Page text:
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Red Sox 9, Tigers 1: Chris Sale is good at this

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Sunday’s game turned out like you probably thought it would.

Boston Red Sox v Detroit Tigers Photo by Leon Halip/Getty Images

Rain and resurrected Boston bats made for kind of a grey day at Comerica Park, as the Red Sox beat up on the Tigers 9-1.

Blaine Hardy’s first and third innings were solid: getting Mookie Betts, Andrew Benintendi and JD Martinez out 1-2-3 each time. The second, though, saw a single-double-groundout-groundout to score Boston’s first two runs. Hardy was on a pitch count, as he hadn’t started since June 26, so it wasn’t going to last long no matter how he pitched.

Chris Sale was, well, Chris Sale. He put down the first eight Tigers, before, naturally, Victor Reyes hit a clean single, because baseball. The final line: 6 IP, 2 H, 0 R, 0 BB, 9 K.

Hardy’s day ended after the first three batters in the top of the fourth reached base: a line drive just above Jeimer Candelario’s glove, a double to left, and a mildly boneheaded play on a grounder to first; John Hicks instinctively threw home, but Steve Pearce (who was on third) wasn’t running.

A lovely jam bases-loaded, none-out jam was inherited by Drew VerHagen. But the boneheaded plays weren’t exclusive to the Tigers, as a grounder that deflected off Candelario’s glove (and scored the third Boston run) saw two Boston runners mysteriously congregated at third base, one of whom was tagged out.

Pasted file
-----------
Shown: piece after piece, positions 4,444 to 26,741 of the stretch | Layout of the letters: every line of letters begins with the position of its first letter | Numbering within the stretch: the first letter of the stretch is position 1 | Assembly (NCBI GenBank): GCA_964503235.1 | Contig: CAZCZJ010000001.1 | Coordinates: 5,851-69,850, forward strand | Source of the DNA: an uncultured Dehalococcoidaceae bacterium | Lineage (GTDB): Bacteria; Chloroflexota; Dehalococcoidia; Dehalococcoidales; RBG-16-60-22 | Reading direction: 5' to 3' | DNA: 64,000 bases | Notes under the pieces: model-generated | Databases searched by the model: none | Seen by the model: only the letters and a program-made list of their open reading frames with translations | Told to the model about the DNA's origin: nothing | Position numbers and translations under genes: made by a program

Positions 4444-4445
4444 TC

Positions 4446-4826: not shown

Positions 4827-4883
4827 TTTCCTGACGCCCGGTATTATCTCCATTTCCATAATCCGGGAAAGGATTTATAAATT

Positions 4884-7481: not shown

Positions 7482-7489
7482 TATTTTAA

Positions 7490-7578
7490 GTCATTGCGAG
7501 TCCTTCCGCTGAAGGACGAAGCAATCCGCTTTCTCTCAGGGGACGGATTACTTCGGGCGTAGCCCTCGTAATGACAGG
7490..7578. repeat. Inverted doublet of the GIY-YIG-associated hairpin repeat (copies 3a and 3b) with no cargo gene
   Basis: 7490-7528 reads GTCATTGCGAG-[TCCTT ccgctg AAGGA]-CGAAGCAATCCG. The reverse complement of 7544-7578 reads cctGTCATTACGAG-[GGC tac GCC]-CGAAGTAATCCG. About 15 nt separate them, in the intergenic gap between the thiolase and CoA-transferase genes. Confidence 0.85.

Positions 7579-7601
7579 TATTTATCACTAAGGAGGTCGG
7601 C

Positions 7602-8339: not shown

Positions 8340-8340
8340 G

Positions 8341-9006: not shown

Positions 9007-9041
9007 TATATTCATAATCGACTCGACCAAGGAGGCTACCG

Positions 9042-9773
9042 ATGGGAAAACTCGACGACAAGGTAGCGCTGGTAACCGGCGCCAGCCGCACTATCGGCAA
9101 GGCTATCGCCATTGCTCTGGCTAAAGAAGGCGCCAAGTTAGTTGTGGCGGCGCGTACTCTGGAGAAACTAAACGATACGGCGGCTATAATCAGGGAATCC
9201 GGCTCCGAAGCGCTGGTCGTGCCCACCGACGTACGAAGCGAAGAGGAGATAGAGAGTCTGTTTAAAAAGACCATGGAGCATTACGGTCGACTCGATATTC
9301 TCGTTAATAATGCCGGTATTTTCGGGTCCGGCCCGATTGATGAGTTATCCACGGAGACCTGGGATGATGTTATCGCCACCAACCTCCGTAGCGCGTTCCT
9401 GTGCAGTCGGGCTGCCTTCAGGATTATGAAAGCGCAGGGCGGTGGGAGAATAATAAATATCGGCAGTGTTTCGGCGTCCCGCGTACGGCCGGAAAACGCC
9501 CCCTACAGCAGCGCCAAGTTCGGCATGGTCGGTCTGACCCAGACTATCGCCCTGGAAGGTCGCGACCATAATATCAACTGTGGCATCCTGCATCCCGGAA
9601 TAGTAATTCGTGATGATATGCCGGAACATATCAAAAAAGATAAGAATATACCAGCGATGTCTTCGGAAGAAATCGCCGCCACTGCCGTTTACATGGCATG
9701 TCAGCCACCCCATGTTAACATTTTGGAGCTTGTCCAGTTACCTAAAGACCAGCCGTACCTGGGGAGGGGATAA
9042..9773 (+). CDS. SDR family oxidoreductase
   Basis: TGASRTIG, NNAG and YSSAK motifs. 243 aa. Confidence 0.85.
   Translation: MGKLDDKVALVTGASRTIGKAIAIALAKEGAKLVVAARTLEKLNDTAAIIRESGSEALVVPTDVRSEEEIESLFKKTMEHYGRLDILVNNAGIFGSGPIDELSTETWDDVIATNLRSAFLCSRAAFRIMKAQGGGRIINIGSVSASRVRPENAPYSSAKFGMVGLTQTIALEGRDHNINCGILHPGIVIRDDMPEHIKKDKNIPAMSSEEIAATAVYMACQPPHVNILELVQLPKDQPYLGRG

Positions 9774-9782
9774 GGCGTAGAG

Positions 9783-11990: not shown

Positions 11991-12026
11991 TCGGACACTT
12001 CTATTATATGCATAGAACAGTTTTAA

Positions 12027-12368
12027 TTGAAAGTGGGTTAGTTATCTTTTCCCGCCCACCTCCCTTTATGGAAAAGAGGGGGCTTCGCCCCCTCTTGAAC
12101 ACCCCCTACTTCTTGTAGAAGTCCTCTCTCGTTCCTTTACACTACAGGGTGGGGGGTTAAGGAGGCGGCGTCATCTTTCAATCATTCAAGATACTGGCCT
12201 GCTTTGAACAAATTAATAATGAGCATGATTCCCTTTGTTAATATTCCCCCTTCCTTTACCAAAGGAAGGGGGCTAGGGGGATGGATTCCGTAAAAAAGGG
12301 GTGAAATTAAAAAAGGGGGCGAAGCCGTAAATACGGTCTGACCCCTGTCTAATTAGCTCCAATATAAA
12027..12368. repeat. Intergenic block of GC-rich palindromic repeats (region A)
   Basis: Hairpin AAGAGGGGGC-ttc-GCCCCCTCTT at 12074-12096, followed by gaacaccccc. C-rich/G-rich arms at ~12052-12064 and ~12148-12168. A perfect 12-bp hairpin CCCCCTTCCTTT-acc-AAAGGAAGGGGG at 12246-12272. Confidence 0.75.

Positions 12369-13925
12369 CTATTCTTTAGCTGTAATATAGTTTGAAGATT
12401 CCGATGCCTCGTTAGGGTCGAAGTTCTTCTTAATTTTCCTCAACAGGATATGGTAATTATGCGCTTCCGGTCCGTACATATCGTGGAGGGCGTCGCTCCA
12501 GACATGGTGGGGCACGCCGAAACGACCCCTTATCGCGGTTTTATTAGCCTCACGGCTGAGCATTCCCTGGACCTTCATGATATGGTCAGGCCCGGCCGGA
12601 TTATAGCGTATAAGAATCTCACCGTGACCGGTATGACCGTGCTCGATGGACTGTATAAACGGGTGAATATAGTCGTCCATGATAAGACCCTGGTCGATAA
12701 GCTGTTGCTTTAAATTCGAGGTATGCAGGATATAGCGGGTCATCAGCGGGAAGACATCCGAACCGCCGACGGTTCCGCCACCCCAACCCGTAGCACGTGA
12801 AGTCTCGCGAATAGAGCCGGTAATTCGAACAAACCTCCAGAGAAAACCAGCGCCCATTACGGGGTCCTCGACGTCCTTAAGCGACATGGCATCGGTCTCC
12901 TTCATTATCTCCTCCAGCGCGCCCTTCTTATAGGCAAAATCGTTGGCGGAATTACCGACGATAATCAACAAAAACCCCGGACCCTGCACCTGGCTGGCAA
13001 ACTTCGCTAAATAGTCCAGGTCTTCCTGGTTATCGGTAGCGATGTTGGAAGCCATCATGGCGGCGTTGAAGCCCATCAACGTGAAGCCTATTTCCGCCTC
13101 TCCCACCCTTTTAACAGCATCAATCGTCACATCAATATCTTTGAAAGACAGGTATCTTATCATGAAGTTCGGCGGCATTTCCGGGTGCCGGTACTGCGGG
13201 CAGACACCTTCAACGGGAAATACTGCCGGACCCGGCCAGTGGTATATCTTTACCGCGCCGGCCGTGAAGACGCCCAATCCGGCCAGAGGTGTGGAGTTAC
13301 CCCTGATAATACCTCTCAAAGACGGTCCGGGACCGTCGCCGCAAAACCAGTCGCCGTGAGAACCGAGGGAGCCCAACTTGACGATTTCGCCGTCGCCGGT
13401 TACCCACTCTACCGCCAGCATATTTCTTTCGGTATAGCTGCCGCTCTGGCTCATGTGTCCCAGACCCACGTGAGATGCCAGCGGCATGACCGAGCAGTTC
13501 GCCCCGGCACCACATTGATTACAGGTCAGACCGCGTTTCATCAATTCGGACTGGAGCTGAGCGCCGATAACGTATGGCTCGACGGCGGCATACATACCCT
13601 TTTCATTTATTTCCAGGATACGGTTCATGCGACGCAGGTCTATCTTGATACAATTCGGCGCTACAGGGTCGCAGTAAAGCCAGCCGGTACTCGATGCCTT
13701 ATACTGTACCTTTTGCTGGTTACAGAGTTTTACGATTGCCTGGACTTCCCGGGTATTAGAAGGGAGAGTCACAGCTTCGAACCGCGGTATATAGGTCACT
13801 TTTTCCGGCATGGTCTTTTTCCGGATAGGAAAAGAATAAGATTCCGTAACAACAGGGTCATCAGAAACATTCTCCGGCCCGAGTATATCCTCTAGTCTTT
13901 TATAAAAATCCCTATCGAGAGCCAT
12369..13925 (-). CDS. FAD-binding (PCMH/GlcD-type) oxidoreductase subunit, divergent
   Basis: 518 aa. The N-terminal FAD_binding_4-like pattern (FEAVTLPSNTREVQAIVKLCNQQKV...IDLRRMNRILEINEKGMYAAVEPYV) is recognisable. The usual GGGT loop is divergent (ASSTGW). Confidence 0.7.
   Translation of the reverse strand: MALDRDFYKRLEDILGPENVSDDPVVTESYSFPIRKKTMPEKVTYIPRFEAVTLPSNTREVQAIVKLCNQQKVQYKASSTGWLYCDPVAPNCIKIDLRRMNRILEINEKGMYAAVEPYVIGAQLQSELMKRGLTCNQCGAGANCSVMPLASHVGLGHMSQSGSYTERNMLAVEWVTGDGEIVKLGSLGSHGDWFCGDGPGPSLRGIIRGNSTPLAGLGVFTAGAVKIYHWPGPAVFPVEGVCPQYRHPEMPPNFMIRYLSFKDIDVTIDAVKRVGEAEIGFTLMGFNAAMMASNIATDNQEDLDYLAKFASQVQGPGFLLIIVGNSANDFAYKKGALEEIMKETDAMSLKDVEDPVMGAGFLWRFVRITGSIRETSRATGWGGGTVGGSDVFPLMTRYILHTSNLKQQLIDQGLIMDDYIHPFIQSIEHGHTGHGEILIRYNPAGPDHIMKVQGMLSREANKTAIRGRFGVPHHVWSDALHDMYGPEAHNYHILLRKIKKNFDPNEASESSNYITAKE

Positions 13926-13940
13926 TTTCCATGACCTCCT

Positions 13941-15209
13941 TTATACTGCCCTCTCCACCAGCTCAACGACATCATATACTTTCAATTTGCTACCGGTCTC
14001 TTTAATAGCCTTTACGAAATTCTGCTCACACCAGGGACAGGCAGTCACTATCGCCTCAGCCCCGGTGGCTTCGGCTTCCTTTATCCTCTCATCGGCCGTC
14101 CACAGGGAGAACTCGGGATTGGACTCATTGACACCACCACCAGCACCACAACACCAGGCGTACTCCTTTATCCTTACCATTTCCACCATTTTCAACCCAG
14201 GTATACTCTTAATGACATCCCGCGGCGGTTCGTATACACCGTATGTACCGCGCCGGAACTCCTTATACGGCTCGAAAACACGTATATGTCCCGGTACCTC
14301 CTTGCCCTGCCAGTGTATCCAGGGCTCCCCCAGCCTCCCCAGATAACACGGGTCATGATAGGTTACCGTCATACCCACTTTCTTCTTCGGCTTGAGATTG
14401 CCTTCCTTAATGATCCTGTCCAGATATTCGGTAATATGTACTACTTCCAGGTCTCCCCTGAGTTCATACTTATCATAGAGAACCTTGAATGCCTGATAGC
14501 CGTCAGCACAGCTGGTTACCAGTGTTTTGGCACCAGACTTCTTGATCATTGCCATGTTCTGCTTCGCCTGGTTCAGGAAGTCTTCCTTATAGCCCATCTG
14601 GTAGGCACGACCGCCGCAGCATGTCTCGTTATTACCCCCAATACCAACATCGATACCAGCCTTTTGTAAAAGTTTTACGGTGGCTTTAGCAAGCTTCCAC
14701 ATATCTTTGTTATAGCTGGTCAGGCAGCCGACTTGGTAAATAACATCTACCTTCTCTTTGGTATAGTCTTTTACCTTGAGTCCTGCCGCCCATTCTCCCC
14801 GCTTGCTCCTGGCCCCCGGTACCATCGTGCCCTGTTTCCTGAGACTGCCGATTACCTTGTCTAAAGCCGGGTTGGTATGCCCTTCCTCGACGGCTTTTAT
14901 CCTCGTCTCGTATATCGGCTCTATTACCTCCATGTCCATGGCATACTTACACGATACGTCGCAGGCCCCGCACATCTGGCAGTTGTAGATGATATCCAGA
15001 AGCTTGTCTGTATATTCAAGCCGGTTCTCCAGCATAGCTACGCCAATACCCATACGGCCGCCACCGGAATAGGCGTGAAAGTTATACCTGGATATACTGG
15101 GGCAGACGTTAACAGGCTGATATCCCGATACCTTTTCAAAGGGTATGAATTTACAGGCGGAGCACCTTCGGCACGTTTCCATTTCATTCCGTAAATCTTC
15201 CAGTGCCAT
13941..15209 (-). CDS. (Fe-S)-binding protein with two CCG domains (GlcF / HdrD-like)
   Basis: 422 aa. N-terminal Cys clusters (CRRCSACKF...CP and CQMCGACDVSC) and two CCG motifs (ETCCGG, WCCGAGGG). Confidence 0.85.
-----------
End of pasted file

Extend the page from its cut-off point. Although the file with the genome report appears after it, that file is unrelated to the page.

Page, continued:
The point was somewhat moot as the next batter, Jackie Bradley, Jr., mashed a three-run homer to left to put Boston up 6-0. To VerHagen’s credit, though, he did set down the next eight Sox in order, so there’s that, I guess.

Things stayed the same until the seventh when Daniel Stumpf served up a pair of runs; Louis Coleman allowed another of Stumpf’s runners to come in on the always-exciting sacrifice fly to put Boston up by three field goals.

Candelario hit a no-doubt solo home run to right to put the Tigers on the board in the seventh. Jeimer has been looking much better in the past few games, before the break in Houston and in this series: he’s had a couple of home runs, and hung very tough against Sale in his first two trips to the plate. A solid Candelario in the middle of the Tiger lineup sure would look good right now.

Things got curious in the eighth when the Tigers loaded the bases with two out, bringing Candelario to the plate. A lousy call on an extremely high-and-away 3-1 pitch made the count full, and Jeimer crushed a deep fly ball to centre, which got Comerica’d on a fine running catch by Bradley.

Things have been tough for the Tigers lately, but at least they haven’t had to deal with a case of hand, foot and mouth disease like Noah Syndergaard’s.

So, when times are tough, just remember: it could always be worse.

Poll

Who was the Tigers’ player of the game?

This poll is closed

  • 7%
    Drew VerHagen (3 IP, 2 R, 3 K)
    (12 votes)
  • 75%
    Jeimer Candelario (1-4, solo HR)
    (126 votes)
  • 16%
    Louis Coleman (1 2⁄3 IP, 0 H, 0 R)
    (28 votes)
166 votes total Vote Now